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Discussion Starter · #1 · (Edited)
I have a 120V, 3000W generator which I would like to connect, through a manual transfer switch, to my house and, in doing so, supply 120V to both "sides" of the circuit breaker panel. In doing that it would supply 120V to the furnace, fridge, lights etc but since the same 120V polarity would be on both sides, there would be no 240V available (which is OK as I wouldn't need to power the range or clothes dryer anyhow). I know this will work electrically but my question is, would it pass code?? It's unconventional AFAIK so I'd be surprised but thought I'd ask anyhow. It seems to me all that would be required for the transfer switch would be a conventional double pole, double throw switch installed upstream of the breaker panel(?).

Thanks for any assistance in this....
 

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The easiest solution, and keeps you from making any non-code compliant changes to your electrical system is to just make a "cheater cord" for your generator.

You will need an approved interlock for your main panel or transfer switch.

Make up a cord that plugs into your generators 120 volt receptacle. At the other end wire up a plug that fits into your 4 prong (hot-hot-neutral-ground) inlet but tie the two hots together - you'll only have 3 wires in the cord.

Then, if you ever get a bigger generator you haven't modified the house.

You do need to watch out for any multi-wire branch circuits that you may have, if any. They will still work but you could overload the neutral.
 

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I think it would be tough for a 3000 watt generator to power an entire breaker panel, even if it was just the 120V circuits.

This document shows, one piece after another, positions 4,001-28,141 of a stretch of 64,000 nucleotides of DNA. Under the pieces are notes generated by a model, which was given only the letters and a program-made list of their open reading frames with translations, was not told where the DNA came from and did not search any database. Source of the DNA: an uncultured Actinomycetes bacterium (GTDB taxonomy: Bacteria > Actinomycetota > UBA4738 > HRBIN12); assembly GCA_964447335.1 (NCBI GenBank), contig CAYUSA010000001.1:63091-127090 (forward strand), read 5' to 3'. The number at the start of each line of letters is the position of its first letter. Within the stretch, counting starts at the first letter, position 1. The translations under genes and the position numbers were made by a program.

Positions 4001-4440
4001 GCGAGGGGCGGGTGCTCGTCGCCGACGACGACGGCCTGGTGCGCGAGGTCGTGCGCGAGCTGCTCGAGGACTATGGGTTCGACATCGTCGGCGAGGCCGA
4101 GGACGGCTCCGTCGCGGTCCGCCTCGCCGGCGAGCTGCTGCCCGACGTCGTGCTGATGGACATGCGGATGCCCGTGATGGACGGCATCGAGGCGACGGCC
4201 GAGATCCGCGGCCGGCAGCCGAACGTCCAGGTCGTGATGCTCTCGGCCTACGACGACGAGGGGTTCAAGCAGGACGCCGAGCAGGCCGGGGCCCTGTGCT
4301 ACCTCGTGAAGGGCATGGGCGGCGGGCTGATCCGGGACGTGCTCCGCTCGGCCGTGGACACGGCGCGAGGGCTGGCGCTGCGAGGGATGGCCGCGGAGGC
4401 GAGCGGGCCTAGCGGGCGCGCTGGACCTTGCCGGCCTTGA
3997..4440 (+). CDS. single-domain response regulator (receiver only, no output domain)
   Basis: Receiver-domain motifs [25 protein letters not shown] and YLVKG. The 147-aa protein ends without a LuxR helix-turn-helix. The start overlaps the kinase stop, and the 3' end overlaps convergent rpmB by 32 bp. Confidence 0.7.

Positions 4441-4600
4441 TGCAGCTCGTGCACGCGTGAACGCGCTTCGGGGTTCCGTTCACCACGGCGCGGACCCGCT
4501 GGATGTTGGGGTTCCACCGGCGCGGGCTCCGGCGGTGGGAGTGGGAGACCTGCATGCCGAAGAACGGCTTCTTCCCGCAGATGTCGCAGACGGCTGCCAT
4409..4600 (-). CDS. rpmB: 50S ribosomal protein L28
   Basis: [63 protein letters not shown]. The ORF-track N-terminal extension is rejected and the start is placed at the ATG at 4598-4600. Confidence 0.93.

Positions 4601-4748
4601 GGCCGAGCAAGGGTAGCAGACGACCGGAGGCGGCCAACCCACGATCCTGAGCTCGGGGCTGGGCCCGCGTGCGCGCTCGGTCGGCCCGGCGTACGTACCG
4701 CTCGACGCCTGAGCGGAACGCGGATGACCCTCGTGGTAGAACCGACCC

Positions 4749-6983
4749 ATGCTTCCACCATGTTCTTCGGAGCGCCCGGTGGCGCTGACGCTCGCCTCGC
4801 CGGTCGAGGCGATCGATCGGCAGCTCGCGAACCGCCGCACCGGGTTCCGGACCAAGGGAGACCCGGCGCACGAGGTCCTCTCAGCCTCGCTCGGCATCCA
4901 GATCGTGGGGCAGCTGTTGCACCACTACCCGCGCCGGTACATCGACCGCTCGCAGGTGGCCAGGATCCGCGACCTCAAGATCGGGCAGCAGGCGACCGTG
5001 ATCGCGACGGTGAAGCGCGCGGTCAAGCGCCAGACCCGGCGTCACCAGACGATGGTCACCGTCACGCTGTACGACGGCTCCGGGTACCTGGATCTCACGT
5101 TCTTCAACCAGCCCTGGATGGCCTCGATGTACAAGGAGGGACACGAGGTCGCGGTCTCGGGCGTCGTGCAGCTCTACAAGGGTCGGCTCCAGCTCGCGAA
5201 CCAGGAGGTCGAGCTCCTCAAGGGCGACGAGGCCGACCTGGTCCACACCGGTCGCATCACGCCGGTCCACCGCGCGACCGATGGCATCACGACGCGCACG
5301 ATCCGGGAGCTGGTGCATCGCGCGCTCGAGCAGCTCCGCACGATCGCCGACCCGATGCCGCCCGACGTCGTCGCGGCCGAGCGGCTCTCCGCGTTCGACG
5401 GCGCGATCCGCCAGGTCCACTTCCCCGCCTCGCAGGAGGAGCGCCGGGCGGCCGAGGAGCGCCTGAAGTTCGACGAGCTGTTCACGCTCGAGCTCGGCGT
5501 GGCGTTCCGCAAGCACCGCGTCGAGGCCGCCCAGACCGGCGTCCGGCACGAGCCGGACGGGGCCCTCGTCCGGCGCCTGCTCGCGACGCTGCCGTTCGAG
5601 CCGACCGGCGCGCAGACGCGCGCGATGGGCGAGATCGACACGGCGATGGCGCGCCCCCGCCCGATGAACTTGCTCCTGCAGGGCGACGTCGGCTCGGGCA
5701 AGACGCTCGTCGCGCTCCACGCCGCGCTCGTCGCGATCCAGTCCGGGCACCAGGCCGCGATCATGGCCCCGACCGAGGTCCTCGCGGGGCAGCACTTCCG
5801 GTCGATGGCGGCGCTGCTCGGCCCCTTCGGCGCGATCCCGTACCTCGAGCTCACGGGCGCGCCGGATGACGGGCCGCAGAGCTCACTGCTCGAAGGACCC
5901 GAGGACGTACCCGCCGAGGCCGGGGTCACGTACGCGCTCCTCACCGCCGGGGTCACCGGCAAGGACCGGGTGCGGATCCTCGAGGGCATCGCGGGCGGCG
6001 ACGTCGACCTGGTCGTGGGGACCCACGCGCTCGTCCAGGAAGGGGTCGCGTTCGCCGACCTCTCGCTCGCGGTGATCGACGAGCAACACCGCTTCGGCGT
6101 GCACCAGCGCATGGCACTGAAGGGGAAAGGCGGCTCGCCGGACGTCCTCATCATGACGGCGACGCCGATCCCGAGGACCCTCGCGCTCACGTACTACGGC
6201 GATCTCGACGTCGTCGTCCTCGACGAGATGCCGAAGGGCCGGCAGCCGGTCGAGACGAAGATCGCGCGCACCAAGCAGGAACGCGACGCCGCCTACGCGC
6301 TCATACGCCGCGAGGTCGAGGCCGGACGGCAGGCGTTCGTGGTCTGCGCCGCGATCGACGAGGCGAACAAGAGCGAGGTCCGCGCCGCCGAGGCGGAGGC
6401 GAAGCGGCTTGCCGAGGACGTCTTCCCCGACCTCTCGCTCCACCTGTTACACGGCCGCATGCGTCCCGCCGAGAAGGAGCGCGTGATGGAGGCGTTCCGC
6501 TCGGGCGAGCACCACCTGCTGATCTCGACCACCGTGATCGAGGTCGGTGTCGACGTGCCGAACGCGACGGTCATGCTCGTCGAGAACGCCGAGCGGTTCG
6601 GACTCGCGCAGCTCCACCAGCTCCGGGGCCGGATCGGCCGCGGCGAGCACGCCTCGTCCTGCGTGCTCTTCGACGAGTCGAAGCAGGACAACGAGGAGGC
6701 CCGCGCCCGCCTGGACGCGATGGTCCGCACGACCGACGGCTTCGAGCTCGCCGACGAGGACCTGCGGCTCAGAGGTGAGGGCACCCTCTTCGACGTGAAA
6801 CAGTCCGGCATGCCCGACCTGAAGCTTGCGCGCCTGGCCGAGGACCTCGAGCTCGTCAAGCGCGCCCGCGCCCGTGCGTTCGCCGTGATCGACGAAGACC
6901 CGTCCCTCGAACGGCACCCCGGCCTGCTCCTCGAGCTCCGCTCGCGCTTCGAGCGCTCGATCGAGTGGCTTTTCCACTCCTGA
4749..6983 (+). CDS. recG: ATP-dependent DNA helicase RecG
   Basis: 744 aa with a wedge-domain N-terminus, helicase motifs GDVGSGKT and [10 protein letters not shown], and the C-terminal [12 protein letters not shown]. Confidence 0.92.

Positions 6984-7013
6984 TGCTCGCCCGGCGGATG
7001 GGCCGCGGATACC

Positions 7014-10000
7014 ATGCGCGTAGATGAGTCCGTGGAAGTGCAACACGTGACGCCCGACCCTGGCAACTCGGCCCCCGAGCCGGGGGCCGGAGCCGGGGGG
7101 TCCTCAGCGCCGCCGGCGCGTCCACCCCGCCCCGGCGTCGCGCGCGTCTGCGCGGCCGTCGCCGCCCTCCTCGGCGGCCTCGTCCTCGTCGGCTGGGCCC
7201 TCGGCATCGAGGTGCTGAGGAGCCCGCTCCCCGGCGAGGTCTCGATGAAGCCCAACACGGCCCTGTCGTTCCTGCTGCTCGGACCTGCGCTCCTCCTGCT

A better plan would be to use a real standby transfer switch and wire it to the "essential" circuits in your home (fridge, cable/tv, internet/phone, selected lights, fans, etc.).
 

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No, it works just fine. I have a 3000 watt generator 120/240 volt.

I can power the entire house, not just 6 or 12 circuits. You just have to know and watch what your loads are.

Interlocks are great for flexibility. Most transfer panels also defeat AFCI and GFCI breakers, not so with an interlock.
 

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The easiest solution, and keeps you from making any non-code compliant changes to your electrical system is to just make a "cheater cord" for your generator.

You will need an approved interlock for your main panel or transfer switch.

Make up a cord that plugs into your generators 120 volt receptacle. At the other end wire up a plug that fits into your 4 prong (hot-hot-neutral-ground) inlet but tie the two hots together - you'll only have 3 wires in the cord.

Then, if you ever get a bigger generator you haven't modified the house.

You do need to watch out for any multi-wire branch circuits that you may have, if any. They will still work but you could overload the neutral.
I had no idea Cutler Hammer made one for my panel. I found a Cutler HammerFactory OEM Interlock Part #CH8KFM and placed my order yesterday. I'm going to change out my interlock.com one and go with the Factory OEM one.
 
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